Building Industry Magazine - June 2013 - (Page 76)
or Get Left Behind
BY GARRETT J. SULLIVAN
pursuit of a
concept was first
years ago by Toyota (and
became known as the “Toyota Way”),
and quickly spread throughout
manufacturing and a number of
other industries. It is now a global
business phenomenon. Not surprisingly, contractors quickly saw the
benefits of Lean Construction on their
jobsites—and their profit margins.
There is one distinct difference
between Lean Construction and the
Toyota Way. While the Toyota Way
focused solely on manufacturing,
Lean Construction involves everyone
in the process, from the owner and
A/E designer to the facility manager
and the end user. Simply stated, Lean
Construction helps you achieve the
• keep work flowing so that crews are
always productively installing work;
• reduce inventory of material and
• reduce costs
As the construction industry’s
competition continues to heat up,
you are responsible for deploying
a Lean Construction throughout
your company. Are you vigorously
practicing this in your company
today? If so, you’re on the leading
edge of industry. Revisit your structure to ensure it’s as strong as it can
be. If you’re not employing Lean
Construction, you are at a distinct
disadvantage. Learn about the Lean
Construction philosophy and allow
it to bring your organization to
Where should you start? Weed
out waste. Follow these five steps to
identify and curtail inefficiencies in
Value: Identify areas that increase
value to a client’s objectives, ensuring
full customer satisfaction and beyond.
For example, suggesting to the owner
the use of a software program from
the start of design through construction that can continue to be used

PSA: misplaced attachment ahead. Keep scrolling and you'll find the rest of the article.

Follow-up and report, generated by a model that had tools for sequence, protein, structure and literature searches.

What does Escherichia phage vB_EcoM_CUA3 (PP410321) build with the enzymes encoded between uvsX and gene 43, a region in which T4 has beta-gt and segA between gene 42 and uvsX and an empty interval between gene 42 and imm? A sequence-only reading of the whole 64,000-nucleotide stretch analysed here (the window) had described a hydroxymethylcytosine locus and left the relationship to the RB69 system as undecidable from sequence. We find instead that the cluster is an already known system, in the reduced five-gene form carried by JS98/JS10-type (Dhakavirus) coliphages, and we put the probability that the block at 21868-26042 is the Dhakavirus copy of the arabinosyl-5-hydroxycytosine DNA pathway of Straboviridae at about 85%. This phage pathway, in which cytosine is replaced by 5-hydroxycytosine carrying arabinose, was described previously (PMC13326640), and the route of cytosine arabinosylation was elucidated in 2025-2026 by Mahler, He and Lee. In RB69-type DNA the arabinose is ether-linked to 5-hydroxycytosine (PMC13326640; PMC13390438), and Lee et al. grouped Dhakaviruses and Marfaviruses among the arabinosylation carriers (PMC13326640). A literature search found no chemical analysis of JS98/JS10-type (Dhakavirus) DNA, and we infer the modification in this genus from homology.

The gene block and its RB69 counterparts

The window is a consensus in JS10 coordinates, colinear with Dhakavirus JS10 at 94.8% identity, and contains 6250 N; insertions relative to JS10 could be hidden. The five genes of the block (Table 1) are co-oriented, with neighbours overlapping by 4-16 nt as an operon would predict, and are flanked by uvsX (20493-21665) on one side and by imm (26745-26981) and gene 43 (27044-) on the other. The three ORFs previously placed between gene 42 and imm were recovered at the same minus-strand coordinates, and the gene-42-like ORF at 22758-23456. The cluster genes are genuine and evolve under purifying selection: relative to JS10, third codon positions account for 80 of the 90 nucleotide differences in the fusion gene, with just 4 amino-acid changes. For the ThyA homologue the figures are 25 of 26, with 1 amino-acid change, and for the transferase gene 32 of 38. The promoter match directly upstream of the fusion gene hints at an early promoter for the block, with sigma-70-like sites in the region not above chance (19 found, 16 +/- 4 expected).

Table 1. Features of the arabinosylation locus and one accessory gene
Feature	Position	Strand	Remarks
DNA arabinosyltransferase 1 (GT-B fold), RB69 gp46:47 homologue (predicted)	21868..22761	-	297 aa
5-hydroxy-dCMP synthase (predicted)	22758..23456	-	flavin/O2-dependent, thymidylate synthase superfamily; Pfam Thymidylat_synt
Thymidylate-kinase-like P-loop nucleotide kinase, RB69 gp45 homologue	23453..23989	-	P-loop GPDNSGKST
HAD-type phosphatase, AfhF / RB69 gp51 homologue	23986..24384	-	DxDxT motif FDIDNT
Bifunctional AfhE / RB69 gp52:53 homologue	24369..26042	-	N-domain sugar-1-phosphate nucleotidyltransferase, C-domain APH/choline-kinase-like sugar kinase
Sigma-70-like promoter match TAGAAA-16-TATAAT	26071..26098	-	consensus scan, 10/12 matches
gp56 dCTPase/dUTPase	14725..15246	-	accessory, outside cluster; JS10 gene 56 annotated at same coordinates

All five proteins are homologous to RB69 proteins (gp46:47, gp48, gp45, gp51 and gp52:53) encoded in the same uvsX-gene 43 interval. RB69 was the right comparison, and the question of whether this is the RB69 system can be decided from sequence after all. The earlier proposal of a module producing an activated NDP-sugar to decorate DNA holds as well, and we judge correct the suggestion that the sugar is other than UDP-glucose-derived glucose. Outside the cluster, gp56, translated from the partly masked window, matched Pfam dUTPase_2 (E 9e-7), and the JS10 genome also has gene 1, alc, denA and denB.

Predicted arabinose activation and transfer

in the lifecycle management of the
building equipment management.
Value Stream: Identify the vital
steps that facilitate an effective production or service line workflow, and also
unnecessary steps that result in waste.
Flow: Eliminate steps in the workflow that potentially cause interruption, backflow, delay or destruction.
Pull: Supply only upon demand.
Produce only when the customer
pulls, so that no resources are wasted.
Perfection: Strive for perfection
by continually seeking to remove
successive layers of waste.
Lean Construction utilizes many
standard methods, such as Critical
Path Method (CPM) and Work
Breakdown Structure (WBS), but it
features three unique tools:
Lean Project Delivery System:
A method that enables faster job
completion, lower costs, less change
orders and higher quality.
Target Value Design: A fundamental shift in thinking at the
Design/Estimate/Redesign level from
expected cost to target costs and no
one person has all the knowledge.
Last Planner System: A method
of promoting conversation, before
issues become critical, between trade
foremen and site-management at
appropriate levels of detail.
I am certain that completing
construction projects faster—at
lower costs and with less change
orders—will continue to be the
norm for our industry. Isn’t this the
time to sharpen your management
saw by educating yourself on Lean
Construction in order to stay ahead
of the competition?
Lean Construction, coupled with
Building Information Modeling
(BIM), will be essential to survive
in the not-too-distant future.
Technology is revolutionizing the
construction industry at a blistering
pace. The use of BIM, which is
primarily used by the larger contractors in Hawaii, is on fire on the
Mainland. This is quickly becoming
the norm in the building industry.
It is my opinion that this is another
area that merits attention by every
construction leader. Contractors who
fail to take the time to understand
and employ Lean Construction, as
well as tools such as BIM, will be
doing so at their own peril. BI
Garrett Sullivan is president of Sullivan & Associates, Inc., a management consultancy focused on the construction industry.
Connect with him at GSullivan@SullivanHi.com, www.SullivanHi.com or 808.478.2564.
76 | BUILDING INDUSTRY | JUNE 2013
Table of Contents for the Digital Edition of Building Industry Magazine - June 2013
INSIDE ABC HAWAII
NEWS BEAT Alakai Pacific opens Guam office
CRW replaces Harbor Court roof
Hawthorne Cat debuts new trucks
NAVFAC awards Safety Star
Bonterra Solar installs PV at Crown Thurston
HPS gives schools solar power
PBTE offers ‘early bird’ rates
ohnson named Guam executive of year
DEPARTMENTS Editor’s Corner
Concept To Completion: St. Francis Intergenerational Center
Spotlight On Success: Wheeler UEPH Barracks
Contracts Awarded and Low Bids
BIA Renaissance awards
Building Industry Magazine - June 2013